Even software can be classified as a medical device, a concept that has been around for a long time, Weinrib says. Such software is regulated as other medical devices are, but with additional guidance and policy considerations – looking at questions such as, “How significant is the information provided by the software to making a healthcare decision? Are we looking at a critical health situation or something less serious?”

A simple device might be one with software that measures the heartbeat in a patient and notifies a healthcare provider if it goes outside specific parameters. However, Weinrib says, a similar device incorporating AI could factor in data from all patients using that device. As more patients use it, the product learns and adjusts to help the healthcare practitioner determine how concerned they should be for that patient and what to do. “As it learns, theoretically, it provides a better, more accurate product.”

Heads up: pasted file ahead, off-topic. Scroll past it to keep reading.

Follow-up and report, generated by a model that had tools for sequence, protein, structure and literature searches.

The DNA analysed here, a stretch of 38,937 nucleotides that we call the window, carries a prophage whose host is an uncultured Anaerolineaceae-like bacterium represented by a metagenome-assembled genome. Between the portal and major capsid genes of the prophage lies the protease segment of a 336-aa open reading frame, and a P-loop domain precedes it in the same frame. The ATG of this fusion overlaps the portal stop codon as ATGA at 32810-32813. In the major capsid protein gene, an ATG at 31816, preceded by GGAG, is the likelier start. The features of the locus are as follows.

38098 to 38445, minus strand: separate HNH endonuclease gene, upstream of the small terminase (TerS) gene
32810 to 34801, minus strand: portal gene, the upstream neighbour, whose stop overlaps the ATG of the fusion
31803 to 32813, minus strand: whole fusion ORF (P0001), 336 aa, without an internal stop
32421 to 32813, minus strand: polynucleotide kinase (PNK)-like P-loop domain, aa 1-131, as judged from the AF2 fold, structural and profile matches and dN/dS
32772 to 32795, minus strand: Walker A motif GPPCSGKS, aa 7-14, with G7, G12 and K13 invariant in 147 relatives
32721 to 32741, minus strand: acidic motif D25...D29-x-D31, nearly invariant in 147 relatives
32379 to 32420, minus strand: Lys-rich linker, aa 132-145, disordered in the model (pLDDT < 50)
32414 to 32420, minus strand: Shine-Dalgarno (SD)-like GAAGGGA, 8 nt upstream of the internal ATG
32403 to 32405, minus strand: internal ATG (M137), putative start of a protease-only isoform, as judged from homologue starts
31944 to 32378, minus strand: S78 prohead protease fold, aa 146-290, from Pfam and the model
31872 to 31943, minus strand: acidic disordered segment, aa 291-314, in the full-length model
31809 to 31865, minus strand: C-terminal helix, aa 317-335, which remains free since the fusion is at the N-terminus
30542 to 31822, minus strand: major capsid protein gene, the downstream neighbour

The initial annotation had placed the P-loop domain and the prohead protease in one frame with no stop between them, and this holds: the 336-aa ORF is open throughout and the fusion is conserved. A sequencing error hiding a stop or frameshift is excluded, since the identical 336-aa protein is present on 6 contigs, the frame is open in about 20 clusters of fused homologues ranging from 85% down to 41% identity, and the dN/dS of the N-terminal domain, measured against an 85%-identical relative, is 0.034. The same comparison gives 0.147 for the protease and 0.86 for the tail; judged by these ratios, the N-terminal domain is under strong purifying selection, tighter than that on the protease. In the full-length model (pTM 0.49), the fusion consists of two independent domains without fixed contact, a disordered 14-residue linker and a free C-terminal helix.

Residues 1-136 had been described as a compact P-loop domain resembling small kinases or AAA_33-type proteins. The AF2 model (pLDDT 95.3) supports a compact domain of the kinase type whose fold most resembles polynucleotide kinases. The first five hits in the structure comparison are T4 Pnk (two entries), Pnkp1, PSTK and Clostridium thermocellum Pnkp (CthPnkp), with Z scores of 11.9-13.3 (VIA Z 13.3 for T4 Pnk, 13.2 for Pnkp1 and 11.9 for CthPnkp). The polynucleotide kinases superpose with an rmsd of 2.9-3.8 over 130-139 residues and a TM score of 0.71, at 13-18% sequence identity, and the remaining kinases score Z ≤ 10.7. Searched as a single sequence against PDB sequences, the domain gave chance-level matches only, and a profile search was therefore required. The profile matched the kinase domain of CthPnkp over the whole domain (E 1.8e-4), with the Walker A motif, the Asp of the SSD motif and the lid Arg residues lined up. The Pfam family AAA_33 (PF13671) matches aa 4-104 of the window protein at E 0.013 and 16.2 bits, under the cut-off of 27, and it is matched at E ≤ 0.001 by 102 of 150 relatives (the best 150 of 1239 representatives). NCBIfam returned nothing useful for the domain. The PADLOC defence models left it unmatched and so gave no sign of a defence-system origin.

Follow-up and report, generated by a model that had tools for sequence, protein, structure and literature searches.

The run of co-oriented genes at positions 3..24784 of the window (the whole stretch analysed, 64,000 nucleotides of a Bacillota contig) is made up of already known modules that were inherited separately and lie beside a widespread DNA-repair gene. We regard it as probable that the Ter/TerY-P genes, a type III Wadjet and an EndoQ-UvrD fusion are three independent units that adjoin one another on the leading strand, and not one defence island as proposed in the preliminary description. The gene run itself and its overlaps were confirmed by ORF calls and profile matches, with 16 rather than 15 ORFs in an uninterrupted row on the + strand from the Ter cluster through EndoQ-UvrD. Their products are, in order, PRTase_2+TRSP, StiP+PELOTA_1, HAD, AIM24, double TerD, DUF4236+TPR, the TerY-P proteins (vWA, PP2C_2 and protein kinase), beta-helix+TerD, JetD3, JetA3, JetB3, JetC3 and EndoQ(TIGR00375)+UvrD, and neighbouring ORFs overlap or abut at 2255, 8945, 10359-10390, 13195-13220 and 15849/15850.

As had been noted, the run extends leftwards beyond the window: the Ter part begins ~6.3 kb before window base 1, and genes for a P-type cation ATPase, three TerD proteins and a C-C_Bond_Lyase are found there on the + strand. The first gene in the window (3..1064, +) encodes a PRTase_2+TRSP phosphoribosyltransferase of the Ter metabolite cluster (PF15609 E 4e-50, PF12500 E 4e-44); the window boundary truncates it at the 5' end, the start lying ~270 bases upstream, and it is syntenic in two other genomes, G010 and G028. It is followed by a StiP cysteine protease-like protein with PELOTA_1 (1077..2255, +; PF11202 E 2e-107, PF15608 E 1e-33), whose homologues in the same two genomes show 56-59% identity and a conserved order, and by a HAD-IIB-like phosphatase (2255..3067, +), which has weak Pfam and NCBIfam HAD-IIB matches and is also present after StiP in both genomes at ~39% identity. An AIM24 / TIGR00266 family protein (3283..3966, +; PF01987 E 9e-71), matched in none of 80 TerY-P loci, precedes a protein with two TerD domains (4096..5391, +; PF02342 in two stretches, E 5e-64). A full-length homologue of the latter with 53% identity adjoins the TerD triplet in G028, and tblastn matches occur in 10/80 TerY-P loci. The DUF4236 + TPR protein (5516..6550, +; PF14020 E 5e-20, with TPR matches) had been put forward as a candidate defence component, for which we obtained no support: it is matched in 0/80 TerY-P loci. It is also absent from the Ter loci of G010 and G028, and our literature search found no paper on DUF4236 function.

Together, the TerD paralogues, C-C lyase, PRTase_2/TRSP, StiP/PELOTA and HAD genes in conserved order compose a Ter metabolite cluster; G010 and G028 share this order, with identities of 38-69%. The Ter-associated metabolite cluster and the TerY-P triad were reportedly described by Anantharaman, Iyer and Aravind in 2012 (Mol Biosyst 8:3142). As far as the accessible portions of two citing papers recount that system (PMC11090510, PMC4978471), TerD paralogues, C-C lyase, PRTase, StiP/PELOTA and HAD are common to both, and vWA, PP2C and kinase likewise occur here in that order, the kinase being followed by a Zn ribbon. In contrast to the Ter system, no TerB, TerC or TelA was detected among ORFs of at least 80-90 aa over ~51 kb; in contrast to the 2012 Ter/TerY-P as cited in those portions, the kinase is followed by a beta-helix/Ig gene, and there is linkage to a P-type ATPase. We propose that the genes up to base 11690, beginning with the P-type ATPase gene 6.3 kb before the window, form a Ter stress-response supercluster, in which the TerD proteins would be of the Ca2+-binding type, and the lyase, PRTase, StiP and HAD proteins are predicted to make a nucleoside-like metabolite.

Health Canada has yet to come up with how they will regulate these products, says Weinrib, and, to date, there are no adaptive medical devices with AI on the market.

There are also practical potential legal issues, such as liability related to medical devices and artificial intelligence. Edona Vila, a product liability partner at Borden Ladner Gervais LLP, says AI’s adaptive and learning abilities pose certain challenges.

While the question of “suing an algorithm” is still unresolved, Vila says there are at least “three buckets” of risk and liability dimensions that need to be considered when it comes to emerging products powered by AI or the internet of things: regulatory risk, litigation risk, and contractual risk.

From a regulatory perspective, Vila says we don’t have “internet of things” legislation yet, although there is AI legislation that might come into play within the next year or two.